US prisoners freed from Iran make emotional return home after swop deal

The freed Americans include US-Iranian dual citizens Siamak Namazi (right) and Emad Sharqi (left), both businessmen, and Morad Tahbaz (centre), an environmentalist who also holds British nationality. PHOTO: AFP

DOHA/NEW YORK – Five Americans freed from Iran made an emotional return to the United States on Tuesday, ending their imprisonment “nightmare”. It came a day after they were swopped for five Iranians detained in the US and US$6 billion (S$8.2 billion) in Iranian funds was unfrozen in a rare deal between the arch-foes.

Coming off the plane, the returning Americans were embraced by family and friends with smiles, laughter and visible emotion, video footage from the airport showed. One of the returnees briefly waved a small Stars and Stripes flag handed to him.

“The nightmare is finally over,” said Mr Babak Namazi, speaking with his arm around his returning brother Siamak in Fort Belvoir, Virginia.

It followed a carefully choreographed exchange, agreed after months of Qatar-mediated talks, that was triggered on Monday when the funds that had been blocked in South Korea were wired, via Switzerland, to banks in Doha, the Qatari capital.

After the transfer was confirmed, the five US prisoners and two relatives took off on a Qatari plane from Teheran, at the same time that two of the five Iranian detainees landed in Doha on their way home. The other three Iranians chose not to go to Iran.

The plane taking the Americans to the US took off from Doha on Monday.

The freed Americans include US-Iranian dual citizens Siamak Namazi, 51, and Emad Sharqi, 59, both businessmen, and Morad Tahbaz, 67, an environmentalist who also holds British nationality.

The deal removes a point of friction between the US, which brands Teheran a sponsor of terrorism, and Iran, which calls Washington the “Great Satan”.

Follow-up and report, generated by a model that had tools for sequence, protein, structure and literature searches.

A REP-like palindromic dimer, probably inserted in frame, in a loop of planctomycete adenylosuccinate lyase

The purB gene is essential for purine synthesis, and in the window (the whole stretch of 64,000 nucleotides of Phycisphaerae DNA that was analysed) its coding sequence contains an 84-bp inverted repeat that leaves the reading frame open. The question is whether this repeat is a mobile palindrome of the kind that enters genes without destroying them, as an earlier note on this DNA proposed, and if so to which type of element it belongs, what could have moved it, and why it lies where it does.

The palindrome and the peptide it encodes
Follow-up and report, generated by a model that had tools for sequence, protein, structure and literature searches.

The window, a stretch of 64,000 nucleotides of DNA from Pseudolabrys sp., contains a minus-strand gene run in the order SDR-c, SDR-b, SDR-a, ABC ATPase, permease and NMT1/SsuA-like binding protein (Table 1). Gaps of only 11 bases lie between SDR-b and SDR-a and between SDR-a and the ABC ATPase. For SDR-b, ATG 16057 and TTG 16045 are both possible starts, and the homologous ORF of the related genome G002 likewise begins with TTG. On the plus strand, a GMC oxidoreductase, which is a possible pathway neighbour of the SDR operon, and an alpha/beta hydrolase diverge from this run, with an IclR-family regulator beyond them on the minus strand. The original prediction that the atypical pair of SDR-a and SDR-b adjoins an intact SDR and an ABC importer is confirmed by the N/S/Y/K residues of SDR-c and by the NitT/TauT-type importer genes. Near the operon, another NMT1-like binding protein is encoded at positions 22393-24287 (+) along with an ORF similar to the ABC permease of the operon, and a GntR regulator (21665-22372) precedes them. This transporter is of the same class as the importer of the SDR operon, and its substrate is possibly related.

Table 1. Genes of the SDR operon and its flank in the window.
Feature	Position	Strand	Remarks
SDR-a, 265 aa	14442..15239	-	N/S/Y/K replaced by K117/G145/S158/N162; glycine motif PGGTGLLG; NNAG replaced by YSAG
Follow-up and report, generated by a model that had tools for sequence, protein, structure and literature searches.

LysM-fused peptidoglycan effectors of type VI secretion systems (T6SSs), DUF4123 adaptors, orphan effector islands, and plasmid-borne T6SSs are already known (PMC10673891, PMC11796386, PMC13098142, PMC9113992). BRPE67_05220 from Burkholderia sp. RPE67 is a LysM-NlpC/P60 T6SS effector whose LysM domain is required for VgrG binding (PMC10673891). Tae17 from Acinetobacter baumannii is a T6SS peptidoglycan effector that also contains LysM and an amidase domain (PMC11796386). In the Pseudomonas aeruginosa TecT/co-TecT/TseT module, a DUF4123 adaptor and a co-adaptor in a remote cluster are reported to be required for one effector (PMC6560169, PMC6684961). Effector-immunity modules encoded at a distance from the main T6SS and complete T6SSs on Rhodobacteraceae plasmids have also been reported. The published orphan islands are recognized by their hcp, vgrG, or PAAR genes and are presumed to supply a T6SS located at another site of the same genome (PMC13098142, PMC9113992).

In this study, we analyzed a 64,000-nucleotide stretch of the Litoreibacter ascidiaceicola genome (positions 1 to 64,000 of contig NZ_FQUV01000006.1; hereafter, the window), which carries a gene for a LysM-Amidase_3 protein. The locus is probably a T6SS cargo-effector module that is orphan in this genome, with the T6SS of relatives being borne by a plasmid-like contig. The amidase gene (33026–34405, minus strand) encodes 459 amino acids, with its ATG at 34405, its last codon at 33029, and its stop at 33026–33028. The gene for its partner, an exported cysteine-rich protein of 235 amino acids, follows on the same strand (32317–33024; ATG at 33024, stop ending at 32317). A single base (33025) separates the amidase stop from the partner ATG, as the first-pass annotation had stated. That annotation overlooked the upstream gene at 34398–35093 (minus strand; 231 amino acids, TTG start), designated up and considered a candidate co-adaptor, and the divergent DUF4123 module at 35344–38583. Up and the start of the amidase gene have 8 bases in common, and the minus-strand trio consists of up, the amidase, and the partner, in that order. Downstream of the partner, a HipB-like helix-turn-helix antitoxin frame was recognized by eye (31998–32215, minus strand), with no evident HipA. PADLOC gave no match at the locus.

But it is unclear whether it will bring the two adversaries, which have been at odds for 40 years, closer on any other issues, such as Iran’s nuclear programme and its backing of regional militias, or the US military presence in the Gulf and US sanctions.

‘Humanitarian action’

US President Joe Biden welcomed the returning prisoners home, but his administration also announced fresh US sanctions.

“We will continue to impose costs on Iran for its provocative actions in the region,” he said on Monday.

Iranian President Ebrahim Raisi, who was in New York for the annual United Nations General Assembly, called the swop a humanitarian action. “It can certainly be a step based upon which in the future other humanitarian actions can be taken,” he added.

Mr Biden, a Democrat, has faced criticism from Republicans over the deal. House Foreign Affairs Committee chairman Michael McCaul, a prominent Republican, said the transfer of the US$6 billion could encourage Iran to detain more US citizens.

Biden aides say the money belongs to Iran and is being transferred from restricted South Korean accounts to restricted accounts in Qatar, which will monitor the cash to ensure it is spent on humanitarian goods and not items under US sanctions.

Relations between the US and Iran have been especially bitter since 2018 when then President Donald Trump pulled out of a deal aimed at curbing Teheran’s nuclear ambitions and toughened US sanctions.

Washington suspects Iran’s nuclear programme may be aimed at developing nuclear arms, a charge Iran denies.

US Secretary of State Antony Blinken left the door open to nuclear diplomacy, but suggested nothing was imminent.

US analysts were sceptical about the prospects for progress, particularly with a US election looming in 2024.

“The prisoner swop does likely pave the way for additional diplomacy around the nuclear programme this fall, although the prospect for actually reaching a deal is very remote,” said Mr Henry Rome of the Washington Institute for Near East Policy. REUTERS

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